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Thank You. Soldering is on my bucket list and I've started collecting the tools and supplies. My wife keeps asking me what I want for my birthday.....I'll have her get me the rest of the equipment. I figured I go with propane but a lot of recommendations I see say to use MAPP gas.
Which torch to buy?
 
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Old 06-19-16, 06:34 AM
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Here are pictures. Original housing with boiler drain valve (blue handle) innards installed. Second picture is original valve (red handle) innards that I removed and Boiler drain housing without its (blue handle) innards.
 
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Last edited by JIMMIEM; 06-19-16 at 08:38 AM.
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Old 06-19-16, 07:31 AM
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I'm confused! Did you remove the valve internals from the boiler to fix hose bib? Say it ain't so. Does the boiler have a drain valve on it? If not put it back on the boiler and buy a new hose bib valve.
 
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Old 06-19-16, 08:24 AM
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The outside hose bib was not involved with this fix. The first picture is the shut off valve inside the basement which controls water to the hose bib outside the house. Its blue handle innards were taken from the boiler drain that I had laying around. The old innards of the basement shut off valve are shown in the second picture...the cruddy looking part with the red handle. The next piece is the boiler drain valve without its innards.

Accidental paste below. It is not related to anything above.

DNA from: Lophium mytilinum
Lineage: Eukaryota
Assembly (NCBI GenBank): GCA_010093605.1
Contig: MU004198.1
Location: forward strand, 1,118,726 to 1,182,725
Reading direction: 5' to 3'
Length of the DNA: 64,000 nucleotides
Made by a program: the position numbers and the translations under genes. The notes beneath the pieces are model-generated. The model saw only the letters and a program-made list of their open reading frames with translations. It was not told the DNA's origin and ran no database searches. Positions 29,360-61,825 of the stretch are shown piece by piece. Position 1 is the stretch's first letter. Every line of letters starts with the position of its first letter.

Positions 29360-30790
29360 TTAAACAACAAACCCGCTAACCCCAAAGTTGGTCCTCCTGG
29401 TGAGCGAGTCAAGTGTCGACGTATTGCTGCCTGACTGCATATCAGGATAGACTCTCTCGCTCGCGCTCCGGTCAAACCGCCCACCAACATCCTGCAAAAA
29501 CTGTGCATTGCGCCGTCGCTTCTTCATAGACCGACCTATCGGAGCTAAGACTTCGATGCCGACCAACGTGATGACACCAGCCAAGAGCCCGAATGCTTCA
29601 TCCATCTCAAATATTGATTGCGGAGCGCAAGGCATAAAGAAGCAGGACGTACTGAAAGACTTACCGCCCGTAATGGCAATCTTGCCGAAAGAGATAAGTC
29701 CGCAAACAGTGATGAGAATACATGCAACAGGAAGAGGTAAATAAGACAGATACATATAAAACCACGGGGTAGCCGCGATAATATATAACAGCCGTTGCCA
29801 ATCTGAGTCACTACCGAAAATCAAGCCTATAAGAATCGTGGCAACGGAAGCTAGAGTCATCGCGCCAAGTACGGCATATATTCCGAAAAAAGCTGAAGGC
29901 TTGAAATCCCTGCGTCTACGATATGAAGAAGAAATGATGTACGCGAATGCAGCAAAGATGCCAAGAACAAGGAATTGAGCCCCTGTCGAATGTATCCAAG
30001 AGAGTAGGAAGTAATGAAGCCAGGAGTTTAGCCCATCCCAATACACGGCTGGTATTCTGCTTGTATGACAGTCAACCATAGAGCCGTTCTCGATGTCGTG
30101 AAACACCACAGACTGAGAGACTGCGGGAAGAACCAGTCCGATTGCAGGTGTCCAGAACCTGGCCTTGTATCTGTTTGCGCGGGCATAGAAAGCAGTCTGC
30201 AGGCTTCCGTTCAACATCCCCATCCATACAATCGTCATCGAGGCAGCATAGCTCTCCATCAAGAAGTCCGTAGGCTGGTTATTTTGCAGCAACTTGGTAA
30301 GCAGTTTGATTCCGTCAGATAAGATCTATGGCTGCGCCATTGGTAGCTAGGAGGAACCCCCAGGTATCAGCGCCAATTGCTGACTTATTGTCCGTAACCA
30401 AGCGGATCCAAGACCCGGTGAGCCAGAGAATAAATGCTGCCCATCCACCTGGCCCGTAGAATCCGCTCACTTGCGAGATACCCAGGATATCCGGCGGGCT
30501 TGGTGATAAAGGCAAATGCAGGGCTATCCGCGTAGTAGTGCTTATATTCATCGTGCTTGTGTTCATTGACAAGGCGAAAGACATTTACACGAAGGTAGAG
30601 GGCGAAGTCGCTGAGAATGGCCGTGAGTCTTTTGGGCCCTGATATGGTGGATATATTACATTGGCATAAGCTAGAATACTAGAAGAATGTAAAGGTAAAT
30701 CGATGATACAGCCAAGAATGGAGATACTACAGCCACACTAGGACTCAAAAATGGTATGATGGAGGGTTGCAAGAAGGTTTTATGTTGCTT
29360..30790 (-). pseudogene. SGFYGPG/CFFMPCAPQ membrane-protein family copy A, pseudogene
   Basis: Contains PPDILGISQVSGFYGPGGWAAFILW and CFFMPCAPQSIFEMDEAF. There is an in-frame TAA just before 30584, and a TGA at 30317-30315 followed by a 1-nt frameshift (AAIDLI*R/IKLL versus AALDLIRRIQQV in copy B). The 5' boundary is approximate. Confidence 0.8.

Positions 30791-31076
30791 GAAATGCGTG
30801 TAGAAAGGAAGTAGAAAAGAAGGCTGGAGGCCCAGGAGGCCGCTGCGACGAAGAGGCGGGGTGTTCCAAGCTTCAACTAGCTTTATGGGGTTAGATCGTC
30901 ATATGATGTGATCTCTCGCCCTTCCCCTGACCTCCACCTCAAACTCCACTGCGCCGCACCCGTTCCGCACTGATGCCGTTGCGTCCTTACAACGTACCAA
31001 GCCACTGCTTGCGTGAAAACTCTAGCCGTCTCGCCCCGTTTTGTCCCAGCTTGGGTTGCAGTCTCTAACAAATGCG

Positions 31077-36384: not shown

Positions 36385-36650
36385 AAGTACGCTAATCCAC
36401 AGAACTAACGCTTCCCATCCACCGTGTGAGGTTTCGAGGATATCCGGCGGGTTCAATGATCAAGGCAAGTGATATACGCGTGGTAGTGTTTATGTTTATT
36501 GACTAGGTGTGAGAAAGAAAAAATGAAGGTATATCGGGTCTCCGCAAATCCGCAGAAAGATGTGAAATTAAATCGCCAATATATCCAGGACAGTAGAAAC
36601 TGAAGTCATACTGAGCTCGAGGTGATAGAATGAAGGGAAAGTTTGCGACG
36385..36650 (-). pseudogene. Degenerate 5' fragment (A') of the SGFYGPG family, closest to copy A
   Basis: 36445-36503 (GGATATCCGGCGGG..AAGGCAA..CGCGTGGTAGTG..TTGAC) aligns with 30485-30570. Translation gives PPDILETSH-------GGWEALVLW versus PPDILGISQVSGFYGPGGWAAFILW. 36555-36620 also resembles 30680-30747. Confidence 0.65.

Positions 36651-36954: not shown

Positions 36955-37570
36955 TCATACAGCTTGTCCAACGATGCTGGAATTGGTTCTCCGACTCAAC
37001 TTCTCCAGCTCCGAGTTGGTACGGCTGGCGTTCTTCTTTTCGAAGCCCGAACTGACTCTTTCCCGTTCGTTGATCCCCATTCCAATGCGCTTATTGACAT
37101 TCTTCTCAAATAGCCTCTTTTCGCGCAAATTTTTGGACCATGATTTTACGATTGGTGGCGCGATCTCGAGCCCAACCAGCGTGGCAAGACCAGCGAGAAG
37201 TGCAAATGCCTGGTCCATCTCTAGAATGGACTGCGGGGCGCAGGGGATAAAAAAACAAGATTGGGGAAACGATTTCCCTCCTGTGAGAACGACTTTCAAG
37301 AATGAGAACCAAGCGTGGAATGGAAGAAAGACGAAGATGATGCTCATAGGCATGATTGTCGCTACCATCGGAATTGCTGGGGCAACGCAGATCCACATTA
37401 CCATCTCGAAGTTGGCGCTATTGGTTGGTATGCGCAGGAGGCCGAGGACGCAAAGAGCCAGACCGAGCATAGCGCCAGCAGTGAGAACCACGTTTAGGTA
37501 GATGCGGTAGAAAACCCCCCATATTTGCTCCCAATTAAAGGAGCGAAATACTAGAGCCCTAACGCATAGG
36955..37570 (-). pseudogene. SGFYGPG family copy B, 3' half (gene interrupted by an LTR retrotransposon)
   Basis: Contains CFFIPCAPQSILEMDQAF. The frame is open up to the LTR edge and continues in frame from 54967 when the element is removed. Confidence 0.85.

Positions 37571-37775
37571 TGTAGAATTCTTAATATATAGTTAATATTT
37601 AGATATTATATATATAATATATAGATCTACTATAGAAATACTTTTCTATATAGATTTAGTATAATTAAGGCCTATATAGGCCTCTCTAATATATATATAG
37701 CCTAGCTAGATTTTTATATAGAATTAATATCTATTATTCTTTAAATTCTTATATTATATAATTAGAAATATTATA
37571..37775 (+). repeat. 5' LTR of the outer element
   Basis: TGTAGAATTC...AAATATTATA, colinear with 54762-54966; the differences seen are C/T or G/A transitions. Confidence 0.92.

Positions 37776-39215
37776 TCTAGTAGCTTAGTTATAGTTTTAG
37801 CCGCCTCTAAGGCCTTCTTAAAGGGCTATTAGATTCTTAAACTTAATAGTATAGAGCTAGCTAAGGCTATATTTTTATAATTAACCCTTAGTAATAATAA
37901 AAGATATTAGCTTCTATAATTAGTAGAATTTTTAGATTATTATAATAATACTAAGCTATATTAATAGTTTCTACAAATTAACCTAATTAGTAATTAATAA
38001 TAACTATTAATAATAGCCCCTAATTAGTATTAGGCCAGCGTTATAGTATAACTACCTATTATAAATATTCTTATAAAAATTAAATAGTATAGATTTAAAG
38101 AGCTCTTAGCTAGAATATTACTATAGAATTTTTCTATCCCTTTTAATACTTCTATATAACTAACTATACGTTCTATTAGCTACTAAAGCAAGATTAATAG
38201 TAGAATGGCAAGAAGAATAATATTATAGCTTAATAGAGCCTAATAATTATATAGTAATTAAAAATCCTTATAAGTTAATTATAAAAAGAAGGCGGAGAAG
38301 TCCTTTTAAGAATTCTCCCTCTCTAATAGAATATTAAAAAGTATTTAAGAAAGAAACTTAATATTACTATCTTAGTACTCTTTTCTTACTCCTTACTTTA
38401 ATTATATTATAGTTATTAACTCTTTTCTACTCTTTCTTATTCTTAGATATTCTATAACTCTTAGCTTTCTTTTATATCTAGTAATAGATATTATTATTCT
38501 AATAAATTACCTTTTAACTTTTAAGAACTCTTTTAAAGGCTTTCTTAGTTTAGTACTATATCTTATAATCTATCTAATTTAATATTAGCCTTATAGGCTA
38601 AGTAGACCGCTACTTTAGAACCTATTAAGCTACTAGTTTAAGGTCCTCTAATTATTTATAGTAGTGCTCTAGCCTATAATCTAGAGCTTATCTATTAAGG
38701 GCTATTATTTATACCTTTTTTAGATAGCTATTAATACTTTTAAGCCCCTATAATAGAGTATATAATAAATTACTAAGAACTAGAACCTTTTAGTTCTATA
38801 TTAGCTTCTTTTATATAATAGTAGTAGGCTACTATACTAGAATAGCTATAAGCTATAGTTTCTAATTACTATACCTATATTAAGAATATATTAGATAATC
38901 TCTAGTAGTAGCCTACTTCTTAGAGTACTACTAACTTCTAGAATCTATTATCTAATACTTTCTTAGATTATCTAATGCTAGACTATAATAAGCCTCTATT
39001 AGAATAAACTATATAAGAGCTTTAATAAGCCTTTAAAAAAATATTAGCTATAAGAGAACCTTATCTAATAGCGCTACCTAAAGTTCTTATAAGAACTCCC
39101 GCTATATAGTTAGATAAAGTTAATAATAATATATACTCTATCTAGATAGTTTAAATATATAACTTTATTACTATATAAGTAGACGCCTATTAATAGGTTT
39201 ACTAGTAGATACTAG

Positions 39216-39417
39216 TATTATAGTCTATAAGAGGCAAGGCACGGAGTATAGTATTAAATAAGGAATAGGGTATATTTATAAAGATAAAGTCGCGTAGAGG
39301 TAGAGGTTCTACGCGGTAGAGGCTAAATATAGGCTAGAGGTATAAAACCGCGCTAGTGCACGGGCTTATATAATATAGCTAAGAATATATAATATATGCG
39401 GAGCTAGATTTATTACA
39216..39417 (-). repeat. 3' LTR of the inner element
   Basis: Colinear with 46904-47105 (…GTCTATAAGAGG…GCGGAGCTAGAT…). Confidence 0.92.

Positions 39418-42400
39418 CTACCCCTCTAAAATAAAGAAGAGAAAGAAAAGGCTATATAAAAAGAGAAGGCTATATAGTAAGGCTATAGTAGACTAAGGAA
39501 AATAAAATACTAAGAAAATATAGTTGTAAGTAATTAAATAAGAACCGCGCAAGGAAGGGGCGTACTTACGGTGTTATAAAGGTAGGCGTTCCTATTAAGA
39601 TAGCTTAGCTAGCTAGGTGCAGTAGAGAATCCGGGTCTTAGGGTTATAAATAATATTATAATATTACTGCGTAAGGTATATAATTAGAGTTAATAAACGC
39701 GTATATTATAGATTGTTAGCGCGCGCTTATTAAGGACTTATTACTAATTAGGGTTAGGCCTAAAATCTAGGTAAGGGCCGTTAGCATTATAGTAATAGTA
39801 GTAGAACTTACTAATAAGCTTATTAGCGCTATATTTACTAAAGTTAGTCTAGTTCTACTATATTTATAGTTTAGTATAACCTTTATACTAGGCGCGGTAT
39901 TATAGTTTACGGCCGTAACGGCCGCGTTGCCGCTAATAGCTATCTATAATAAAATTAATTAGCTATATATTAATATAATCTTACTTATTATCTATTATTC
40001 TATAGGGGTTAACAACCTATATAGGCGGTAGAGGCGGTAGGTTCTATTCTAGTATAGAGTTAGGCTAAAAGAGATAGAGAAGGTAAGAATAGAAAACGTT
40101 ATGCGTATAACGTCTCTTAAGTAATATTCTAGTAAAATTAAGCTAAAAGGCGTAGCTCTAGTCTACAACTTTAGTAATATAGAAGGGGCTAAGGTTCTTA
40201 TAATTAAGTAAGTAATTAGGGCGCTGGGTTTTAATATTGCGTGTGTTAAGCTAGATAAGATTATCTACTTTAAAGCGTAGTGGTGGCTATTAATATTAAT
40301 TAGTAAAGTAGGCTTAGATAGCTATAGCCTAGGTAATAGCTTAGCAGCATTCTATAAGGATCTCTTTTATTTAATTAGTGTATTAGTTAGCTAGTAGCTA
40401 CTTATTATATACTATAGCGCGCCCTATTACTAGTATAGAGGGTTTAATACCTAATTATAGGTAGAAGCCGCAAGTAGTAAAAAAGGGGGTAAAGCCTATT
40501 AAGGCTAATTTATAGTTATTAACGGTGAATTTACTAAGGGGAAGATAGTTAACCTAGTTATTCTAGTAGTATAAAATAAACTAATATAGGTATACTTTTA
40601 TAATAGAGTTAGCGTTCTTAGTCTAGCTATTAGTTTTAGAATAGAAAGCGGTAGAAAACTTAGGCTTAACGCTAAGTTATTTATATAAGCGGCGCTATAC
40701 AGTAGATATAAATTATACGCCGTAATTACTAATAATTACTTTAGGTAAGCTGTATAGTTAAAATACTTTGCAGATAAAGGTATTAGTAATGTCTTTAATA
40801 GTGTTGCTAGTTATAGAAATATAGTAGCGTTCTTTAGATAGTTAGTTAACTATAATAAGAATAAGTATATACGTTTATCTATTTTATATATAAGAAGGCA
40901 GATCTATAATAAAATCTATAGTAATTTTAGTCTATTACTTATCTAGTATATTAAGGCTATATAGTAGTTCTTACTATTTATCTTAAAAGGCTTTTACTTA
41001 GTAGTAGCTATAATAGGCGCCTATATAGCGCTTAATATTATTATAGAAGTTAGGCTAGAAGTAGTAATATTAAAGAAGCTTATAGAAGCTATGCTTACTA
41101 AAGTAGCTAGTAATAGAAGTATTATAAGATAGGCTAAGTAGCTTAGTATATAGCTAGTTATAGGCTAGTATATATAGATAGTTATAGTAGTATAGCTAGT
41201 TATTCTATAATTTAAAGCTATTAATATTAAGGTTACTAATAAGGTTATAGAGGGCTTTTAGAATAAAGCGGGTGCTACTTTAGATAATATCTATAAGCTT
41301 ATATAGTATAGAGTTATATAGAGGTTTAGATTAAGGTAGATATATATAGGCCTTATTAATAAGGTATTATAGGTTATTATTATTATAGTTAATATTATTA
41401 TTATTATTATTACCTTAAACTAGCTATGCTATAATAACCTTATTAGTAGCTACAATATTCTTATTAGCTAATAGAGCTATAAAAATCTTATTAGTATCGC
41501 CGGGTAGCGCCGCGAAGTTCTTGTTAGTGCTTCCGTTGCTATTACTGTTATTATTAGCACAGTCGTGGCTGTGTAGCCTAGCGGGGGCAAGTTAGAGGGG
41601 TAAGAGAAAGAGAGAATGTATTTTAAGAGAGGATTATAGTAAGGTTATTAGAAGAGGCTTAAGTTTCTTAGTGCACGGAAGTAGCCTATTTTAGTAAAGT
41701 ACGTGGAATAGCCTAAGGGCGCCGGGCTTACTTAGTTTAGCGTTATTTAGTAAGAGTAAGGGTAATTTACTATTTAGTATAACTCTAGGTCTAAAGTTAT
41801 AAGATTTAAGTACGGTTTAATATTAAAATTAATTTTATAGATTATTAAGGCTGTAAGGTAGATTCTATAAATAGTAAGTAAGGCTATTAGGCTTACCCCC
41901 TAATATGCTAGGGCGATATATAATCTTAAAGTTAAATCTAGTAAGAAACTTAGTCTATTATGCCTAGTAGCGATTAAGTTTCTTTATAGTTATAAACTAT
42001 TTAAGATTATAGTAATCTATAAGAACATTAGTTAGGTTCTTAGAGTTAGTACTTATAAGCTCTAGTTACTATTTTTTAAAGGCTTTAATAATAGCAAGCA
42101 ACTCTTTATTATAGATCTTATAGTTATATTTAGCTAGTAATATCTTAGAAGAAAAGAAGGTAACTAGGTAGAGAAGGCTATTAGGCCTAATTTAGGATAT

As the picture shows the plumbing job looks kind of messy and the shut off valve solder joints are fairly close to the water main.
The boiler drain was not taken off of a boiler....I had bought it several years ago and it was just laying around. 'It ain't so'.
 

Last edited by JIMMIEM; 06-19-16 at 08:30 AM. Reason: add info
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Old 06-19-16, 08:33 AM
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OK

I was just a bit confused.

When soldering or de-soldering close fitting like these, a trick is to wrap a wet rag around the fitting you don't want to loosen or take off. And MAPP gas is the better choice. But careful not to burn through the fitting.
 
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Old 06-19-16, 09:23 AM
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So what I did is OK?
I'll practice a whole lot before I go near this one....but should be good for years if you say my fix is acceptable.
My apologies for causing confusion. Not being in the trade I don't always use the correct terminology.
 

Last edited by JIMMIEM; 06-19-16 at 11:26 AM.
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Old 06-19-16, 12:28 PM